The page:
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Lateral eyes direct principal eyes as jumping spiders track objects

journal contribution
posted on 2023-05-03, 10:03 authored by Elizabeth Jakob, Skye Long, Duane HarlandDuane Harland, Robert R. Jackson, Ashley Carey, Mary Searles, Adam Porter, Cristina Canavesi, Jannick Rolland
One way of circumventing the functional tradeoffs on eye design 1, 2 is to have different eyes for different tasks. For example, jumping spiders (Salticidae), known for elaborate, visually guided courtship and predatory behavior [3], view the same object simultaneously with two of their four pairs of eyes: the antero-lateral eyes (ALEs) and the principal eyes (reviewed in [2]; Figure 1A). The ALEs, with immobile lenses and retinas, wide fields of view, and hyperacute sensitivity to moving stimuli [4], are structurally distinct from the principal eyes, which have the best spatial acuity known for terrestrial invertebrates and can discern fine details of stationary objects [5]. Behind the immobile corneal lenses of the principal eyes are miniature, boomerang-shaped retinas with correspondingly small fields of view (Figure 1B). The principal-eye visual fields are greatly expanded and overlap because of eye movements: these retinas are at the proximal ends of long, moveable tubes within the spider’s cephalothorax [6]. By designing and using a specialized eyetracker, we tested whether principal-eye gaze direction is influenced by what the ALEs see. The principal eyes scanned stationary objects regardless of whether the ALEs were masked, but only when the ALEs were unmasked did the principal eyes smoothly track moving disks. The principal eyes, with high acuity but a narrow field of view, can thus precisely target moving stimuli, but only with the guidance of the secondary eyes.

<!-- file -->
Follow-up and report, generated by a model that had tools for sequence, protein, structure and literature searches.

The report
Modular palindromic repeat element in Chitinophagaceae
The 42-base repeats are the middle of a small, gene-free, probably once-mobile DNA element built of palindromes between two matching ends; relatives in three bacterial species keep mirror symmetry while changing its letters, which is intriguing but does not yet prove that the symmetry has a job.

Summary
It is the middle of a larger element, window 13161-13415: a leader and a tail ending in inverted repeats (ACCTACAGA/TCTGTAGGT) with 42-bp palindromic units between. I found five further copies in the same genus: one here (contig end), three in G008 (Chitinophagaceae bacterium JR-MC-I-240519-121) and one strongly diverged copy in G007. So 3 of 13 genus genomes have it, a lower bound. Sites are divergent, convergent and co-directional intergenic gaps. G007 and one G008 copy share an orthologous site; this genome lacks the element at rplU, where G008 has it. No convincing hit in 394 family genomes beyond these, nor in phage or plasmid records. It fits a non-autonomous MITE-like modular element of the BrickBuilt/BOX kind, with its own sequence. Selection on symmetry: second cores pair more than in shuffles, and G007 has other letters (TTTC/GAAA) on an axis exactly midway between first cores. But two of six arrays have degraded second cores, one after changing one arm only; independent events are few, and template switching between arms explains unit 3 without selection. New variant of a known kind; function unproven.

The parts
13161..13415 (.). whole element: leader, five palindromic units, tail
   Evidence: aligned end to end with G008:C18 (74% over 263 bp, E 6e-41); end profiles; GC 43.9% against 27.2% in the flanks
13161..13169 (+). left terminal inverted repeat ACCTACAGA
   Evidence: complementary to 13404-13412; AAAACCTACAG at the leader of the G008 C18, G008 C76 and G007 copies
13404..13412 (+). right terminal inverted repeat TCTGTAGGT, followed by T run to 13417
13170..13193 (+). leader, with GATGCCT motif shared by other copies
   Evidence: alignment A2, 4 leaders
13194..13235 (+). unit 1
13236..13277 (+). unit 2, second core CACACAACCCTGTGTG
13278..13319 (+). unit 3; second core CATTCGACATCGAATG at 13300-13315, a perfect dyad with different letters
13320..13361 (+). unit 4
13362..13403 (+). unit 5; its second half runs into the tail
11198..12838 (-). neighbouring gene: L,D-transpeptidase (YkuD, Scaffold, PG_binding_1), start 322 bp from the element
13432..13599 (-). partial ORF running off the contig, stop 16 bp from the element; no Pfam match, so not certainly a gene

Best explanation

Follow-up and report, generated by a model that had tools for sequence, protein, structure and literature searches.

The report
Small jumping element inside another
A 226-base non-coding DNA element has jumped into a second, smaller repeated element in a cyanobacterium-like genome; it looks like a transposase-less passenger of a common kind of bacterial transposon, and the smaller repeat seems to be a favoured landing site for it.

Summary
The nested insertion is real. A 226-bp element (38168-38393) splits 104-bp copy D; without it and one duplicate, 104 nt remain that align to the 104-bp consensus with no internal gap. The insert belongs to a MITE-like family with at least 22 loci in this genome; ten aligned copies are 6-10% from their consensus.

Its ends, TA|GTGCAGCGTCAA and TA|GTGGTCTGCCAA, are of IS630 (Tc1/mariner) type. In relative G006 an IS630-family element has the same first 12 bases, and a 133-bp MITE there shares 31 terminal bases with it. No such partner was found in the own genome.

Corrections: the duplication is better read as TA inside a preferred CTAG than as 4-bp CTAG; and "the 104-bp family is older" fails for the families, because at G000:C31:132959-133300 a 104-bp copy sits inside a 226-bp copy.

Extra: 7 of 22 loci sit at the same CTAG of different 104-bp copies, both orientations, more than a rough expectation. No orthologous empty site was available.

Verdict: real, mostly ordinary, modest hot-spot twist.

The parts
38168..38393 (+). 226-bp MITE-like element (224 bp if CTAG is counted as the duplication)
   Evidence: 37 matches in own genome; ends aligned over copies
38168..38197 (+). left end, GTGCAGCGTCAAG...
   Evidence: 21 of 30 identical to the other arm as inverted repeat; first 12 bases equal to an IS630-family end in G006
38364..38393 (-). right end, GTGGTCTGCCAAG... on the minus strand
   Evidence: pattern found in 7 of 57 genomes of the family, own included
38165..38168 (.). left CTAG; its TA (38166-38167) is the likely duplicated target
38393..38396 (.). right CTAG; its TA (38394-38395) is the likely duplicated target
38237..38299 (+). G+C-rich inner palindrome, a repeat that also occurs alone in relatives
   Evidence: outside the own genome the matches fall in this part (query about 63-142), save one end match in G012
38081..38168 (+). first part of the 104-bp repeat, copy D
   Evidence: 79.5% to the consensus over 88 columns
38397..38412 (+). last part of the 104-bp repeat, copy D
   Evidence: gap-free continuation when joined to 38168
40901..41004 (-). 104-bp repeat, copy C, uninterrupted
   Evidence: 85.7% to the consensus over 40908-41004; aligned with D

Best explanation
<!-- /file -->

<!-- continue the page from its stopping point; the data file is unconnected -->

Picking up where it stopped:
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© 2018 Elsevier Ltd.


  • English

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Journal title

Current Biology




Jakob, E. M., Long, S. M., Harland, D. P., Jackson, R. R., Carey, A., Searles, M. E., Porter, A. H., … Rolland, J. P. (2018). Lateral eyes direct principal eyes as jumping spiders track objects. Current Biology, 28(18), R1092–R1093. doi:10.1016/j.cub.2018.07.065

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